Magnetic resonance (MR) imaging plays an important role in evaluation of various aspects of myocardial infarction (MI). MR imaging is useful in establishing the diagnosis of acute MI, particularly in patients who present with symptoms of MI but outside the diagnostic time frame of altered cardiac enzyme levels or with clinical features of acute MI but without an angiographic culprit lesion. MR imaging is valuable in establishing a diagnosis of chronic MI and distinguishing this condition from nonischemic cardiomyopathies, mainly through use of delayed-enhancement patterns. MR imaging also provides clinicians with several prognostic indicators that enable risk stratification, such as scar burden, microvascular obstruction, hemorrhage, and peri-infarct ischemia. The extent and transmurality of scar burden have been shown to have independent and incremental prognostic power over a range of left ventricular function. The extent of scarring at MR imaging is an important predictor of successful outcome after revascularization procedures, and extensive scarring in the lateral wall indicates poor outcome after cardiac resynchronization therapy. Scar size at MR imaging is also a useful surrogate end point in clinical trials. Finally, MR imaging can be used to detect complications of MI, such as aneurysms, pericarditis, ventricular septal defect, thrombus, and mitral regurgitation.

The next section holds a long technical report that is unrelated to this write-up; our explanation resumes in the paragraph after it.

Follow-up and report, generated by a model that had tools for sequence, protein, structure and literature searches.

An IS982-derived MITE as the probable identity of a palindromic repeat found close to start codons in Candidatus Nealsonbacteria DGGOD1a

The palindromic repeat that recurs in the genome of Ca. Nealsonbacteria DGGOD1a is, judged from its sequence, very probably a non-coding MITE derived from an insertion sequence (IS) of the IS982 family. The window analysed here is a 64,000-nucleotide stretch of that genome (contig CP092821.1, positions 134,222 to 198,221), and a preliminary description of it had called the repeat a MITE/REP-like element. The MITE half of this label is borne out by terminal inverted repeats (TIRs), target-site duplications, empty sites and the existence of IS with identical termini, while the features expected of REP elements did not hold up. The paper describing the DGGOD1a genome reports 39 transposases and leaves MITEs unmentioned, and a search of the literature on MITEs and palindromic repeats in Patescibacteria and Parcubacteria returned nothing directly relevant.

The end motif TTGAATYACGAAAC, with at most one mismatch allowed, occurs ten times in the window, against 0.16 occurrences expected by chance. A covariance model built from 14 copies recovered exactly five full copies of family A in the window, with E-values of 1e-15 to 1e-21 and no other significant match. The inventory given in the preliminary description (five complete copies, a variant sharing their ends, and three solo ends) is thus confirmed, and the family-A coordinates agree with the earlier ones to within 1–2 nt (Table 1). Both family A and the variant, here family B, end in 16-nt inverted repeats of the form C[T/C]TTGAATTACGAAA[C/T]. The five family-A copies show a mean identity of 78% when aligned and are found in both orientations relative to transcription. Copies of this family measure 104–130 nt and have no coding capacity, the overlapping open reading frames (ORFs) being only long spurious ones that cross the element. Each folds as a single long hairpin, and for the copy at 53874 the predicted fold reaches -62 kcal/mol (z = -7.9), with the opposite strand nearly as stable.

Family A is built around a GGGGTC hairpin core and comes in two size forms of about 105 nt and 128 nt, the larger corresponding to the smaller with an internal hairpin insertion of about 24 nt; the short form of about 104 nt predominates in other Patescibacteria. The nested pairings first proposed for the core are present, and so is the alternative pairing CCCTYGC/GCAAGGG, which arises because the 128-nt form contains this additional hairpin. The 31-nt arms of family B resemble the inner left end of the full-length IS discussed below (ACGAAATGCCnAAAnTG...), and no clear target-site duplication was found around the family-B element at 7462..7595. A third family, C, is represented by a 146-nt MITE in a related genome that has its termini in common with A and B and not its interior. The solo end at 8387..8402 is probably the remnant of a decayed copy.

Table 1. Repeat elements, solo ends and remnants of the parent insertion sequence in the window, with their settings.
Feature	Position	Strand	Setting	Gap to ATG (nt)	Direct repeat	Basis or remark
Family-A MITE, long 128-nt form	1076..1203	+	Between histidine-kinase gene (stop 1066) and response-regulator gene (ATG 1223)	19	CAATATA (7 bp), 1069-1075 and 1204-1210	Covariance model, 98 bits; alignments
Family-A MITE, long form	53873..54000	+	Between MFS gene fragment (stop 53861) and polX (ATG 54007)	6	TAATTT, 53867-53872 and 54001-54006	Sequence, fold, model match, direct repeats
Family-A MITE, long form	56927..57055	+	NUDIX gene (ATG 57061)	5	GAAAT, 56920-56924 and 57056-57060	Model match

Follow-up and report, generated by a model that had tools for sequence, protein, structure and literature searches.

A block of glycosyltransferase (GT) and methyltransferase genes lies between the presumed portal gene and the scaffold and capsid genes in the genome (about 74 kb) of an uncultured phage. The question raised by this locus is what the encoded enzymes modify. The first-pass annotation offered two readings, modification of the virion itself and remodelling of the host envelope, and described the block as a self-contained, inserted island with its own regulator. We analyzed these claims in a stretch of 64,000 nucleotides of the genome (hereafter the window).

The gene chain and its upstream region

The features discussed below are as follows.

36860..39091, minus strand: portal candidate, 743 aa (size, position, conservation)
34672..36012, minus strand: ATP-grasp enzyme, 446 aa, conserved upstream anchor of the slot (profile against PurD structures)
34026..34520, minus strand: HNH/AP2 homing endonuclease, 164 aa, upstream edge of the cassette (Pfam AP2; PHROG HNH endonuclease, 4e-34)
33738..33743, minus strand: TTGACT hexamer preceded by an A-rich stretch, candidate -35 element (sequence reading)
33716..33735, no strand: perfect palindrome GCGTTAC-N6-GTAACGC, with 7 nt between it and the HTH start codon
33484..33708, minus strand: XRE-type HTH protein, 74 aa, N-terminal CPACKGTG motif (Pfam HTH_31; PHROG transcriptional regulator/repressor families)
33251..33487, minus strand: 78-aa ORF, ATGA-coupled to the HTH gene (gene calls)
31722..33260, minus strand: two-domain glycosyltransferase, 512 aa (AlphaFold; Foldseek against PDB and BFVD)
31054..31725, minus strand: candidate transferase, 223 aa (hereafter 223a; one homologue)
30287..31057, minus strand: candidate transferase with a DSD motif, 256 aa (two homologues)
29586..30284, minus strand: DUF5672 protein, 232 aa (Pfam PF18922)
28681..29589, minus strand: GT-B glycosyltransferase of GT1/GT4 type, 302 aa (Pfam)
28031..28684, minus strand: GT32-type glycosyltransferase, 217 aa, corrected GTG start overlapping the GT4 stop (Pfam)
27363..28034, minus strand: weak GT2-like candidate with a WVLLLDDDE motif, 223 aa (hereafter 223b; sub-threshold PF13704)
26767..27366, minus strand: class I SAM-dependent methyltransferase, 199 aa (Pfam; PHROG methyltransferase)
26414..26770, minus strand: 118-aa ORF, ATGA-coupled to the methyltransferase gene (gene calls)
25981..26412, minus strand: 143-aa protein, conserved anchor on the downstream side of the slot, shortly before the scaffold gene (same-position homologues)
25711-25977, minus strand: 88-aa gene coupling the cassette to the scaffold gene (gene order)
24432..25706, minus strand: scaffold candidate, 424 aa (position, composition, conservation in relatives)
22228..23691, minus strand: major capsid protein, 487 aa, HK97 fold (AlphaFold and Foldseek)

ASJC Scopus subject areas
- Radiology Nuclear Medicine and imaging